Diwali celebrations begin on Sunday, 30 October with families and friends lighting up the borough’s sky with colourful fireworks followed by Halloween on Monday, 31 and Bonfire Night on Saturday, 5 November. While enjoying the festivities safely, residents are being asked to remember to recycle as much leftover food, packaging and rubbish as they can.
Residents should use their blue bins to recycle things like cardboard, plastic bottles, metal tins and foil. They can also recycle glass jars and some food and drink cartons. Containers and bottles will need to be washed to remove any food residue and lids need to be removed. The new collection system means the mixed recycling will be sorted after it has been collected.
They can also use their green food waste bin to recycle any leftover food to avoid it going into landfill with regular household rubbish. Food waste that ends up in landfill breaks down and produces methane, a gas that contributes to global warming. However recycled food scraps can be sent to a special processing plant where it is turned into electricity that is fed back into the national grid and used to power homes.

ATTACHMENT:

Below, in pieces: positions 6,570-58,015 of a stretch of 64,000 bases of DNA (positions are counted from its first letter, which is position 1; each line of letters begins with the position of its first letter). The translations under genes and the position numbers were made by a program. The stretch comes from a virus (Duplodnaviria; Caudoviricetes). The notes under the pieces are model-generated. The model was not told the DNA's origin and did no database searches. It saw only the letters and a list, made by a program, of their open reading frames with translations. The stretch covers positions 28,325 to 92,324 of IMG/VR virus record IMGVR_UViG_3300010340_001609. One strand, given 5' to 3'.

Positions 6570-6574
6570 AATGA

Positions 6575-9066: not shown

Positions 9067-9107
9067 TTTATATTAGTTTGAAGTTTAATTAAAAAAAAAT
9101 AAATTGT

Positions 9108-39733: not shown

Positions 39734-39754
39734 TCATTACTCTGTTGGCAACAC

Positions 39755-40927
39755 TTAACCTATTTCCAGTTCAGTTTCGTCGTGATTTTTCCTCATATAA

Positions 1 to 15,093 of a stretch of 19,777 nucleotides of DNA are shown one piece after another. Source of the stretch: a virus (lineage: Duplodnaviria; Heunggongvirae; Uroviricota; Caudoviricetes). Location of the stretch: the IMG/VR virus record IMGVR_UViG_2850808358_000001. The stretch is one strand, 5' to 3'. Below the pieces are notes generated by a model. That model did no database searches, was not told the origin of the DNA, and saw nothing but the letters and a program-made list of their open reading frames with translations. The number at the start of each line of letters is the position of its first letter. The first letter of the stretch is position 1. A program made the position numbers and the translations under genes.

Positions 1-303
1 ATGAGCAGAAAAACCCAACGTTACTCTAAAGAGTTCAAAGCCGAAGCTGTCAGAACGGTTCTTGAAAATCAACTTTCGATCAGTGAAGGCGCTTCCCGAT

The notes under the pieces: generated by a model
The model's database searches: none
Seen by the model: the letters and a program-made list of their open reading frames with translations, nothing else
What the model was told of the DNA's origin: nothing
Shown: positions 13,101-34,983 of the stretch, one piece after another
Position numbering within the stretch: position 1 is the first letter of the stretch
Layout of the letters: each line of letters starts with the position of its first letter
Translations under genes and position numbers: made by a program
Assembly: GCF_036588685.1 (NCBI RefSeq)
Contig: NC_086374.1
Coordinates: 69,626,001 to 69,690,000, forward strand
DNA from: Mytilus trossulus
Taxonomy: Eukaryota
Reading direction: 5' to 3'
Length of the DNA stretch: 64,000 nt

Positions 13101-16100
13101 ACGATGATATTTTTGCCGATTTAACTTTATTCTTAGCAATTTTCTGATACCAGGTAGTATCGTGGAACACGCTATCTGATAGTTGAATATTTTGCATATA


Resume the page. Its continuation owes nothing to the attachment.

Councillor Bassam Mahfouz, cabinet member for transport, environment and leisure, said: “We have made some fantastic progress with recycling across the borough, and these festivities are a great opportunity to improve on that. Recycling food waste is easy; all you need is a container in the kitchen to collect your scraps and your green food waste bin outside to throw it all in for your weekly collection.”
Fireworks - the law
With thousands of fireworks being sold across the borough over the next couple of weeks, the council is also urging residents to stay safe while they enjoy the festivities.
- It is illegal to set off or throw fireworks (including sparklers) in the street or other public places. The maximum fine is £5,000 or six months in prison
- Fireworks must not be sold to any person under 18 years old
- Under national legislation, it is an offence to set off fireworks between 11pm and 7am, except for Bonfire Night, when the cut off is midnight; or Diwali, New Year’s Eve and Chinese New Year, when the cut off is 1am.